Cover of Kite for Moon by Jane Yolen and Heidi E Y Stemple

A Kite for Moon

with Heidi E Y Stemple
Illustrated by
Matt Phelan
Zonderkidz (April 9, 2019)
ISBN-10: 0310756421
ISBN-13: 978-0310756422

A lyrical book about a little boy, his obsession with the moon, and how he becomes an astronaut who gets to walk on the moon. And though the book is dedicated to Neil Armstrong, it’s not about him. It’s about desire, dedication, and hard work. In fact, the very things that created the book itself.

The book began not as a moonwalk book but as a kite book. My father was
International Kite Flying champion. Had books about kites published. At one point he was in the Guinness Book of World Records for flying the most kites on a single string. I began writing about him (in a metaphoric way. He’d never flown kites as a boy, it was an adult obsession.) Along the way the manuscript morphed into a book about an astronaut. (These thing happen!)

I loved the book, my agent loved the book, but no editor wanted it. So I put it in a drawer and forgot about it.

Ten years or so later, an illustrator friend mentioned in passing that he would love to do a book with me. And I told him I’d love to do a book with him. Asked my daughter Heidi Stemple, herself a writer/editor and my PA if she would find me the latest iteration of the book in the files. Due to a computer disaster, those files had been destroyed. But we had back up paper files.

She did, but first read it through, and said to me, “It needs work. Can I take a whack at it?” I thought she meant a small tidying up, a little cut/paste. We had worked together on nearly 20 books at that point so I said, “Sure”. But instead of using pair of small scissors, a needle and thread (this is a metaphor!), she whacked at it with a big machete. And when she was done, and I saw how brilliant a little book it was. “This is not my book any longer,” I said. “It is OUR book.”

We sold it to the first editor who saw it, convinced her to put Matt Phelan on the project as illustrator (not the other illustrator friend who’d moved on) Heidi wrote about this in a blog: ”We were sitting at a conference listening to lectures when Matt Phelan got up to speak. His art was being shown and, there was a piece he had with kids in a classroom and my head exploded. THAT was our kid! I poked JY in the side (she didn’t appreciate that) and whispered “Kite! Kite!”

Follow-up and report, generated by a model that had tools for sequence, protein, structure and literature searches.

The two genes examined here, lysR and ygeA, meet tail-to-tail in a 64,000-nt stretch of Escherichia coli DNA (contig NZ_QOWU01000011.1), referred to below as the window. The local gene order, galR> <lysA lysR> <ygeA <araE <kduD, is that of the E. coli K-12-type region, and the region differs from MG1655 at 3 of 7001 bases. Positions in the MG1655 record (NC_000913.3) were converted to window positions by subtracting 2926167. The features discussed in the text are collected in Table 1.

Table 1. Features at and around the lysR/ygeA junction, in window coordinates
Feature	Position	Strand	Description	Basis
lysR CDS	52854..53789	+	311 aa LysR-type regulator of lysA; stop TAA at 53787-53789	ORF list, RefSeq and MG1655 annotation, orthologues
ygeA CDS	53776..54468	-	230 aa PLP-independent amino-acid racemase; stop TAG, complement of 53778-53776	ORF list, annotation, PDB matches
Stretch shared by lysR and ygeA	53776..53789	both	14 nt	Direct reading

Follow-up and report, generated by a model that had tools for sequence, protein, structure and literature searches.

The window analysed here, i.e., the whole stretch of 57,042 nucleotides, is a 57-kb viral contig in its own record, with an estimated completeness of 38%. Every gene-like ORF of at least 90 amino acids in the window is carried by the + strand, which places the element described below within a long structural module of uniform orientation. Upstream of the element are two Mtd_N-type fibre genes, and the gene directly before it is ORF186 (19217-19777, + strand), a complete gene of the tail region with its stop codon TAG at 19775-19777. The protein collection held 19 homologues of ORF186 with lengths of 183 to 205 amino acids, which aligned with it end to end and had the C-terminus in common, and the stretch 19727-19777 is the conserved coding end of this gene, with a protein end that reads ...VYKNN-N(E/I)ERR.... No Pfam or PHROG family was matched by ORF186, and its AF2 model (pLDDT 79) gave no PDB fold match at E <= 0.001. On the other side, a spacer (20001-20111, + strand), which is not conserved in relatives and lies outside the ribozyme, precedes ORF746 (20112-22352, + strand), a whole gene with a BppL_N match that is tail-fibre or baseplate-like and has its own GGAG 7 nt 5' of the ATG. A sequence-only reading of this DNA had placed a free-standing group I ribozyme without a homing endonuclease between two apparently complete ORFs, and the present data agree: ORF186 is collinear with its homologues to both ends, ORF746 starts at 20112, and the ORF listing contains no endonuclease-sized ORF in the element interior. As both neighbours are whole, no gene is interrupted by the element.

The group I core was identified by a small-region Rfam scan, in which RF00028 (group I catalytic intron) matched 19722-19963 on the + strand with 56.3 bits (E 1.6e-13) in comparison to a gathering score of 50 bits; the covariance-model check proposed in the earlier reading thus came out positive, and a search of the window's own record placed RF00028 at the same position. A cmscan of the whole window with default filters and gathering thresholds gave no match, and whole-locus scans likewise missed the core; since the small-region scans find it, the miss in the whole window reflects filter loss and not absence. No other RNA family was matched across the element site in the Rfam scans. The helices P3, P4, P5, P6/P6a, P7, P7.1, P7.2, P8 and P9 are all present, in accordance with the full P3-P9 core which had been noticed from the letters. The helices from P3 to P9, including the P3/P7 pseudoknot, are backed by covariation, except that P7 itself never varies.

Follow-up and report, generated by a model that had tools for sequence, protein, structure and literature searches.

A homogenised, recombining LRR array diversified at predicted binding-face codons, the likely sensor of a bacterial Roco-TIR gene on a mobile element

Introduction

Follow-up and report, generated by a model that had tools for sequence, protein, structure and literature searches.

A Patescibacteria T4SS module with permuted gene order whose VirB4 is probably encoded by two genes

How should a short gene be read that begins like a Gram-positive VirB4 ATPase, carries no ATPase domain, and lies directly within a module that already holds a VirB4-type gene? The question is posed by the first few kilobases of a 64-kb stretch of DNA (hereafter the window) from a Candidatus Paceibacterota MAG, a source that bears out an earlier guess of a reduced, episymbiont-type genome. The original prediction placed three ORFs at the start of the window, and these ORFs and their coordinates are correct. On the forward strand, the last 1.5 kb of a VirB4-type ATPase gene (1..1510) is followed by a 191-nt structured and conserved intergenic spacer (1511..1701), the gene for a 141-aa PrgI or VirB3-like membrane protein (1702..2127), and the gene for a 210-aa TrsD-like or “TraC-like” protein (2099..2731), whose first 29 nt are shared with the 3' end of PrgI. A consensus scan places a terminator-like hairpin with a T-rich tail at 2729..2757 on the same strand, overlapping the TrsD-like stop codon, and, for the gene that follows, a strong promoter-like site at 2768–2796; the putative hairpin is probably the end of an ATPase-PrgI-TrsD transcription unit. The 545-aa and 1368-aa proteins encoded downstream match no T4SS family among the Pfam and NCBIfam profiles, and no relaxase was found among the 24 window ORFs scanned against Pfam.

Once I explained what I meant, we both went to work on Zonderkidz to approach Matt to illustrate. He said yes. The only thing we changed after that was the last page originally said ‘listened’ and we changed it to “watched” based on Matt’s amazing last page. I don’t want to give anything away, but when I read the last 2 pages, I still get choked up.”
The book began garnering grand reviews when it came out in the 50th anniversary year of the Moon Landing.


  • Bank Street Best Books list 2020

What reviewers have said:

  • “Yolen and Stemple remind readers of the simple awe of a most wonderful journey.” — Publisher’s Weekly
  • “The allure of the moon has been a favorite theme for picture book authors from Margaret Wise Brown and Eric Carle to Frank Asch and Mordicai Gerstein. Yolen has explored it previously in Owl Moon. Here, writing with her daughter, she imagines the trajectory of an astronaut’s lifelong interest. The text is spare but full of warmth and lyricism. Phelan’s lively, flowing inked outlines convey both the steadfast connection between boy and orb and the movement born of passion. The paintings contain subtle and pleasing parallels, e.g., the rocket’s orange and yellow exhaust mimics the flame-colored tail of that childhood kite; the conclusion echoes the opening while extending the message. VERDICT Smooth pacing and narrative clarity combine with an evocative presentation to make this a first choice to celebrate the 50th anniversary of America’s moon landing.” — School Library Journal
  • “…certain to be an enduringly popular and appreciated addition to family, daycare center, preschool, elementary school, and community library picture book collections.”—Midwest Book Review